Don’t put all your eggs in one basket… put some in the fridge

A personal story about fertility and egg freezing

upeka bee
upeka bee
Jun 22, 2017 · 9 min read

The first time I mentioned to my mom that I wanted to freeze my eggs, I made her cry. A procedure that looked to me like plain-old-science and an exciting new choice, incited a much different story for her. She was worried for my safety, the unhappiness that comes along with going against societal norms, the wonder of childbirth, and the tyranny of the biological ⏰.

What is 🥚 freezing?

Women are born with a finite number of eggs, and as we age the supply and genetic normalcy of those eggs decline. When you’re 25 your egg count is about 22% and by 35 it is about 5%. As you age the quality of your eggs decline and it becomes harder for those eggs to become fertilized into healthy babies. A uterus, on the other hand, is not as affected by age and can carry a baby even past menopause.

Egg freezing (aka Oocyte Cryopreservation) is a procedure by which hormones are used to bring as many eggs as possible to maturity within a two-week period. The eggs are then retrieved and frozen(vitrification), which has 90–95% success rate of surviving freezing and thawing process.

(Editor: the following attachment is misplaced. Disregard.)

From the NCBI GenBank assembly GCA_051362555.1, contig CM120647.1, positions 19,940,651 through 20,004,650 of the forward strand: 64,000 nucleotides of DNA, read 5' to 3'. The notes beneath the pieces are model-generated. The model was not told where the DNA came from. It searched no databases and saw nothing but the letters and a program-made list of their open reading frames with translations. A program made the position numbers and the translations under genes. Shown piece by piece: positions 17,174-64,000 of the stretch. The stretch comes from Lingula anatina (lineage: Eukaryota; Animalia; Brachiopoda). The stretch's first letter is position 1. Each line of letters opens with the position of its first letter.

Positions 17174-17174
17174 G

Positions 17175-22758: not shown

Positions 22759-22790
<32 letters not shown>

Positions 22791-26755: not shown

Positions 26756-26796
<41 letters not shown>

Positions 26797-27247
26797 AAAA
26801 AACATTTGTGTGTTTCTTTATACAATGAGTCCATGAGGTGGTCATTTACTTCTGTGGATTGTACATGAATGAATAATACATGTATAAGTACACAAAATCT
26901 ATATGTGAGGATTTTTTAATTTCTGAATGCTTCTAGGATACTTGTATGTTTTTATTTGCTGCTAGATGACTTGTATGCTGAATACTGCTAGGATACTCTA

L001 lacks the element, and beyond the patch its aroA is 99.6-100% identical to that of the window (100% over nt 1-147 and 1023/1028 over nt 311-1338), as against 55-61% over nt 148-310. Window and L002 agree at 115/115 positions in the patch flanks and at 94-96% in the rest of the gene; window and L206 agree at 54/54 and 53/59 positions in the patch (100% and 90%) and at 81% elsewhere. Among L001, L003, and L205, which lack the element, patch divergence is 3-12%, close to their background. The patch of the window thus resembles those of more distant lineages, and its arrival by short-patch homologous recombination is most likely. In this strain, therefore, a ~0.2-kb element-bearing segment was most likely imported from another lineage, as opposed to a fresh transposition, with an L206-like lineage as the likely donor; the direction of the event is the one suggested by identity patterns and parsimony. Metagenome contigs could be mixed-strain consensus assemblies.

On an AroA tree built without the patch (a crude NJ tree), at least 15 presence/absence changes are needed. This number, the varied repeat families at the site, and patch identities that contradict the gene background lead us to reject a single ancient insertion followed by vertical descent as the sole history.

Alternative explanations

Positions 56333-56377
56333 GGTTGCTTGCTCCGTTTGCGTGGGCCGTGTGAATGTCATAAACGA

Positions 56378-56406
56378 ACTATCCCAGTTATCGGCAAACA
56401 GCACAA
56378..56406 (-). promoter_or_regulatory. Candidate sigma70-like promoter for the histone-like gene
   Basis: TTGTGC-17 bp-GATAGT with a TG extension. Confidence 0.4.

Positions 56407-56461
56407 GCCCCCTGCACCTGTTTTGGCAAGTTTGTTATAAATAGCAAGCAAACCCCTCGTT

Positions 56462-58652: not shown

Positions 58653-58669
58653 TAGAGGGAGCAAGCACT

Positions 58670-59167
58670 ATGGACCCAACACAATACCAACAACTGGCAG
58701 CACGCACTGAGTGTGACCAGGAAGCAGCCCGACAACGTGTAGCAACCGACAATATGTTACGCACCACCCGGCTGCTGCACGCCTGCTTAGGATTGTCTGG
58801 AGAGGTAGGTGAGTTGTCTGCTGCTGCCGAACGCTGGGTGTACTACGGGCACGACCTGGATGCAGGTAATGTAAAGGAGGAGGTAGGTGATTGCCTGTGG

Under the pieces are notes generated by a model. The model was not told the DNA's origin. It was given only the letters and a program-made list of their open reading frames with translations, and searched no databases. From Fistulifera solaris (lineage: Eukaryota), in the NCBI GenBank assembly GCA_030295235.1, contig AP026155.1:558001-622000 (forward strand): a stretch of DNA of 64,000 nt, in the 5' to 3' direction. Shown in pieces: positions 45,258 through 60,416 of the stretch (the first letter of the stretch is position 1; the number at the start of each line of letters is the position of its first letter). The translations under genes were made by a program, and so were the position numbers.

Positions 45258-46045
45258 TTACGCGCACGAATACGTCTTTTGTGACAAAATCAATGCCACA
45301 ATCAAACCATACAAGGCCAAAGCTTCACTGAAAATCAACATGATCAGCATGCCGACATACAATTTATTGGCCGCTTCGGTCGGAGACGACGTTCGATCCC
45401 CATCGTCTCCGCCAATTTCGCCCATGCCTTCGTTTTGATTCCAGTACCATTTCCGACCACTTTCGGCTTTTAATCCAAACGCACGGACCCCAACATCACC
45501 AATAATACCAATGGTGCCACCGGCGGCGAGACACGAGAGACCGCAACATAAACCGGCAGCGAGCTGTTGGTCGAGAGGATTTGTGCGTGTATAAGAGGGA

The end goal is that women can use these ‘younger’ eggs, when they are ready to be pregnant with a higher chance of getting pregnant, due to the higher quality of eggs.

Why? Because choice.

Egg freezing is a choice for family planning, just like birth control is.

As a child I was a tomboy and in college I was a 🤓, and along the way I missed the memo that was supposed to make me want to prioritize marriage and children. Growing up, I idealized my father. Then suddenly had a rude shock when I realized, in fact, I couldn’t be just like him because… I was a woman.

However, none of this should matter. I have my story and each woman out there has her own. Those choices and reasons need no justification. Progress of science and technology means that we can provide these options for women. Market economics means that companies begin to provide these options because employees are asking for them.

Maybe you missed a memo growing up and never planned for marriage or children. Maybe you always wanted a family but haven’t met the right person yet. Maybe you want to focus on your career. Maybe you want to have your second child at 38 and want to make that process easier. Maybe you are not ready.